14 July 2010
Vol 2, Issue 40
  • Contents

    • Editorial

      • Something in Common

        Participants in the first Sage Commons Congress took crucial steps toward achieving their vision of a world wherein massive aggregates and open sharing of data drive the development of effective therapies.

    • Commentary

      • The Demographic and Biomedical Case for Late-Life Interventions in Aging

        A global research agenda to slow or arrest the effects of biological aging has the potential to avert enormous economic, social, and human costs.

    • Research Articles

    • Editors' Choice

      • Precious Metals

        Copper chelation specifically enhances the sensitivity of cancer cells to platinum-based chemotherapy.

      • Nesfatin-1: Of Mice and Men

        A newly described adipokine that promotes anorexia is found in adipose tissue and is up-regulated by a high-fat diet and inflammation.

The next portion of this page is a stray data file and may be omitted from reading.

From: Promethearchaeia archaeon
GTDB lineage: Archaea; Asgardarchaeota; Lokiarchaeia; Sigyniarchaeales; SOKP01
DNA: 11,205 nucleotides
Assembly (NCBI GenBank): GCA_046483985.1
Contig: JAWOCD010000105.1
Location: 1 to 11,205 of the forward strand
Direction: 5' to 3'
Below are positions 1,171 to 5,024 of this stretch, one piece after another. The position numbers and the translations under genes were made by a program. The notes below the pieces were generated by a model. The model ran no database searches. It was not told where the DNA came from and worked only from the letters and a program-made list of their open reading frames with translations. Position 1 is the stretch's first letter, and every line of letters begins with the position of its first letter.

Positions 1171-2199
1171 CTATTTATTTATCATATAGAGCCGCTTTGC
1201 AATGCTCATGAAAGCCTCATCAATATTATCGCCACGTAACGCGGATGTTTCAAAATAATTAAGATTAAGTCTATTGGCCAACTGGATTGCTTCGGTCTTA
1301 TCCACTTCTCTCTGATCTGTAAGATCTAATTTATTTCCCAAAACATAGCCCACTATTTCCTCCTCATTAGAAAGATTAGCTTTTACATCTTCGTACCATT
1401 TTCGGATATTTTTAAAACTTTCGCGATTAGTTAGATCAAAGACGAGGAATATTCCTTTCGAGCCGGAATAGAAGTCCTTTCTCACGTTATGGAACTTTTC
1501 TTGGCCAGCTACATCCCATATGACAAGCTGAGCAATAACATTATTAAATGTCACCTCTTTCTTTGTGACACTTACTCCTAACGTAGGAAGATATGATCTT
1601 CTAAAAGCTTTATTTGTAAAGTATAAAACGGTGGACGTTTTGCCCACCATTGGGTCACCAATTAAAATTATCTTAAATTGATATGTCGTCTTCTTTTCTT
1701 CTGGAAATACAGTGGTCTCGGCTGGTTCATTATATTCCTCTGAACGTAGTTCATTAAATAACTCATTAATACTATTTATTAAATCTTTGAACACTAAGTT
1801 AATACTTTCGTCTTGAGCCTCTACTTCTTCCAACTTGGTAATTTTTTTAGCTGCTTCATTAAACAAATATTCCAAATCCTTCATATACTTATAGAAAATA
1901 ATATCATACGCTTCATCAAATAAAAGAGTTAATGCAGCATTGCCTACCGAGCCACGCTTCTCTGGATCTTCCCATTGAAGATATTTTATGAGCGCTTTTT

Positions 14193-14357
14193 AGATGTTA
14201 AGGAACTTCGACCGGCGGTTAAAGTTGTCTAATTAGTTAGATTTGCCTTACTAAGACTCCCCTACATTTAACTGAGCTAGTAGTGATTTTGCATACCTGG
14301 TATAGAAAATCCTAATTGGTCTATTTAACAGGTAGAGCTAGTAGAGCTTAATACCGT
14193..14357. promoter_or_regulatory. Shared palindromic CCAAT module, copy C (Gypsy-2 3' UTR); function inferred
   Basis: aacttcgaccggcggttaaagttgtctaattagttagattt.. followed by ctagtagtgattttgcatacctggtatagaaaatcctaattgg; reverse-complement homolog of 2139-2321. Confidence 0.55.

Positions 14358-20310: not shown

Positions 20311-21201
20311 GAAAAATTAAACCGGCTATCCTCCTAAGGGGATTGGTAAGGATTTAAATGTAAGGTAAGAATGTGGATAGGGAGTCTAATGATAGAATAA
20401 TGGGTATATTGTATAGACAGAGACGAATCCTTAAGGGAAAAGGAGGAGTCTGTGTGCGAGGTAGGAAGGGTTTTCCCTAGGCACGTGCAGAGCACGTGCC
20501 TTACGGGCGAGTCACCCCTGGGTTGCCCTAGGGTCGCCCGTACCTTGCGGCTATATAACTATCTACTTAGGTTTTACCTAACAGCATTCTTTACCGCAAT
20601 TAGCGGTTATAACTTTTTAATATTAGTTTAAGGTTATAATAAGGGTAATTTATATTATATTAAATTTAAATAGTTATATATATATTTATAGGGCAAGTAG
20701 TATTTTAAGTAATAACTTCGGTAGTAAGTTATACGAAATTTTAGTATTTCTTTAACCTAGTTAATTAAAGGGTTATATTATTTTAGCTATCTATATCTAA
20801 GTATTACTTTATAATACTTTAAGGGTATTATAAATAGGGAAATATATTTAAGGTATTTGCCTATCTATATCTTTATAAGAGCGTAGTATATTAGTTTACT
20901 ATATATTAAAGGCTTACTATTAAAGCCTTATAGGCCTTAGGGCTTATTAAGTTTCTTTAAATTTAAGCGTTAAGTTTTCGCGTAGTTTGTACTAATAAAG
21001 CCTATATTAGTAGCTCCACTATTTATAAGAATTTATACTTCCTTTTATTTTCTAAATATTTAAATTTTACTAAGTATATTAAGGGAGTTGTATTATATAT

• Imaging the Host Immune Response

        Detecting an enzyme expressed by a subset of monocytes confers an ability to monitor rejection of transplanted hearts.

About The Cover

Cover image expansion

ONLINE COVER . Mosquito-delivered vaccination. Tropical countries are anxious to find a way to prevent malaria, a destructive disease carried by mosquitoes infected with the Plasmodium parasite. Ongoing efforts to develop a conventional vaccine may ultimately be successful, but an alternative approach could bypass some practical difficulties by harnessing the mosquito itself to deliver the immunogen. In malaria-infected mice that also receive certain antibiotics, the parasite multiplies in the liver as usual but the resulting organisms are noninfectious. When these attenuated parasites are released into the blood, they act as a natural inoculation that protects against infection for months afterwards. (See the Research Article by Friesen et al. ). [CREDIT: DENNIS KUNKEL/MICROSCOPY, INC./VISUALS UNLIMITED]